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Bangladesh bootleg financial flows touching Tk 140b

Bangladesh bootleg financial flows touching Tk 140b

DHAKA: The illicit financial flow in Bangladesh has increased almost three times, according to latest report of the Washington based Global Financial Integrity (GFI) here the other day.

In 2012 at least USD 1.78 billion or Tk 137.32 billion was taken out of the country by various means. In 2010, at least USD 600 million or Tk 46.30 billion was smuggled out.

The amount of money flown out of the country through illicit means in 2012 is more than the health budget of the current fiscal. In 2014-15, the government’s allocation for the health sector was Tk 111.46 billion.

The GFI report titled ‘Elitist Financial Flows from Developing Countries: 2003-12’ was released worldwide yesterday. It gives an estimate of how much money of developing and least developed countries was illegally smuggled out over the last decade.

Ahsan H Mansur, executive director of the Policy Research Institute (PRI), said more money was smuggled out of the country as the elections drew near. That is why the smuggling of money increased in 2005 and 2006, and then again in 2012.

Those who used political clout to make their wealth were the ones who illegally sent out their money. Also, the big industrialists and businessmen of today have been sending money abroad by various means for the security of their families. They feel their children will not be able to build their businesses, industries, and amass wealth as they had done.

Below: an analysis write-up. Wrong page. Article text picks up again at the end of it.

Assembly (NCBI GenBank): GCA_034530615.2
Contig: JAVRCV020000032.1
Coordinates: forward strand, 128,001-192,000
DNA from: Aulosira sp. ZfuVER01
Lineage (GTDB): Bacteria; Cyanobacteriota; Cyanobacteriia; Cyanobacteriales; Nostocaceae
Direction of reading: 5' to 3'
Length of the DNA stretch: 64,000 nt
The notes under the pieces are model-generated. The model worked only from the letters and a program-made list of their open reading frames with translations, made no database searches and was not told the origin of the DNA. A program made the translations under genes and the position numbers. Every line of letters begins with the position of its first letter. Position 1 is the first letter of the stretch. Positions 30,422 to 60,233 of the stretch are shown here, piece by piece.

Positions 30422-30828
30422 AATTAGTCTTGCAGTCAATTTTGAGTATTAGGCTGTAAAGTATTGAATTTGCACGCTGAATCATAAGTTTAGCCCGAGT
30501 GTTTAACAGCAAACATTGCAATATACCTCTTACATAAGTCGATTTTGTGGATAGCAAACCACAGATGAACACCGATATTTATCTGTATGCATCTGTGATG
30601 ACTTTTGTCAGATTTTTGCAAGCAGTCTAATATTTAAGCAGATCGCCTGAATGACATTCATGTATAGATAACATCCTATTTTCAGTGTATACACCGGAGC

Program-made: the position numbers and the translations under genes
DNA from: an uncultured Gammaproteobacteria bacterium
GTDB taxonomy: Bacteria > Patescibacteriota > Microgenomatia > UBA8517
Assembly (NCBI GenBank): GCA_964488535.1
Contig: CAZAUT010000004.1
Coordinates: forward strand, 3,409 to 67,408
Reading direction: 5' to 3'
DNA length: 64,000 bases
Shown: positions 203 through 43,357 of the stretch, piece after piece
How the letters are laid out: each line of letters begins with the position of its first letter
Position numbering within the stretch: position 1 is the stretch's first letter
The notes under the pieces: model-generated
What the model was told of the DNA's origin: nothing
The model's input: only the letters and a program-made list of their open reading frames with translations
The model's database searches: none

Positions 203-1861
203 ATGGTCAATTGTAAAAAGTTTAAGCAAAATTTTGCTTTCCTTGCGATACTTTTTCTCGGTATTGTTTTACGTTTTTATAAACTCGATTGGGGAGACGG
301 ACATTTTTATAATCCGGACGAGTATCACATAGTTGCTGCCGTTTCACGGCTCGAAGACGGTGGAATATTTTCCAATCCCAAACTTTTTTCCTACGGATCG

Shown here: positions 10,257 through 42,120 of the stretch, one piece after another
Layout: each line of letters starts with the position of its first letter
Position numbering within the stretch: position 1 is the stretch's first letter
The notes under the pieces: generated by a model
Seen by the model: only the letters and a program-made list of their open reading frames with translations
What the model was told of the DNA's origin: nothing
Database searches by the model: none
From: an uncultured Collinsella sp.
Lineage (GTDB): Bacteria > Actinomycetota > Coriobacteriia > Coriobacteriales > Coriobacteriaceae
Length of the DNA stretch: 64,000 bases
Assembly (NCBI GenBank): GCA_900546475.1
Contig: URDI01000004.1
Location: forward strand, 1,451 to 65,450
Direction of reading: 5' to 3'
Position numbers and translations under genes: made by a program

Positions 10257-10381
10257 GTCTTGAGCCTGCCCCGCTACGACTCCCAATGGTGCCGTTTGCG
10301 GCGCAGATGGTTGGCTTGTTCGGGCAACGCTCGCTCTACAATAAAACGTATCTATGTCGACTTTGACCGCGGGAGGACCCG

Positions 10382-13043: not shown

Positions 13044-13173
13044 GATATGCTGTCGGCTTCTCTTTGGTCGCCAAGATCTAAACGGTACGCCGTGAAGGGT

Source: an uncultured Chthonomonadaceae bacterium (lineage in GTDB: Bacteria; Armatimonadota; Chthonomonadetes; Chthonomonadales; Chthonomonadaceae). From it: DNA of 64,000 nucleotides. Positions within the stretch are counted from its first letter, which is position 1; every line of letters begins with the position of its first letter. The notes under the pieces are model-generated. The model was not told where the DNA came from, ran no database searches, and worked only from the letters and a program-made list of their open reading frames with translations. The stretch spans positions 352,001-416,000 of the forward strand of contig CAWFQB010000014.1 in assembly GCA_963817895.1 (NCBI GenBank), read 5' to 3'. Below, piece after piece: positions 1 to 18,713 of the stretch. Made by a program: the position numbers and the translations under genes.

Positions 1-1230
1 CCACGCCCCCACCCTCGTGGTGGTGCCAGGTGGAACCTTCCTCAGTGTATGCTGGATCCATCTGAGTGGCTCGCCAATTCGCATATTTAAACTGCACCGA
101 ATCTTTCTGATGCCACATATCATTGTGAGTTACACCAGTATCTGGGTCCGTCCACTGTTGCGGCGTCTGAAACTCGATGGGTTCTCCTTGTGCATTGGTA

A former IMF official feels that this trend will continue in the days to come. No law will be able to control this. After all, the matter of money smuggling is greatly involved in good governance.

In December last year, GFI published a report on money smuggling from 2001 to 2011. The present report is an amended and updated form of that. The amended method of calculation has also amended the amount of money being sent out.

The previous report said at least USD 2.8 billion was smuggled out of the country in 2011 while the latest report says this has gone down to just USD 600 million. Similarly, in latest accounts, in 2010 a total of USD 672million was sent out, which in the previous report was USD 2.19billion.

In 2009, a total of USD 1.06 billion was transferred out, which previous records show as USD 1.40 billion. However, from 2005 to 2008, there is not too much difference in the previous estimates with the later ones.

Why is there such a large difference in estimates of smuggled money in a matter of a year? In an e-mail reply to this question, GFI’s communications director Clark Gascoigne told Prothom Alo, “GFI used data from the International Monetary Fund (IMF), and IMF regularly amends and updates these figures. And so GFI has to update its estimates accordingly. That is why there is such a big different in just a matter of a year, with the amount of money flown out in the last four years. But all these are conservative estimates. The actually amount of money illicitly sent out of the country will be higher.”

GFI has estimated the illicit financial flow from 151 countries. Bangladesh stood 51st on the list. According to the new estimates, in one decade (2003-2013), at least USD 13.16 billion has been smuggled out of the country. That means, on an average, every year USD 1.32 billion was being siphoned off out of Bangladesh.

The highest was smuggled out in 2006, the amount being USD 2.67billion.

GFI’s chief economist Dev Ker and economist Joseph Spanjers calculated the illegal outflow of money from developing countries.

GFI said trade misinvoicing was mostly used in developing countries to illegally transfer money out.

Professor Mustafizur Rahman, executive director of the Centre for Policy Dialogue, said there is no duty on the import of capital equipment and food products. So it should be checked whether the prices of these items are being projected higher than actual and the money being sent out through this channel. There is also scope of no bringing all export earnings back to the country, but siphoning it off elsewhere. GFI’s indication of trade misinvoicing is quite justified.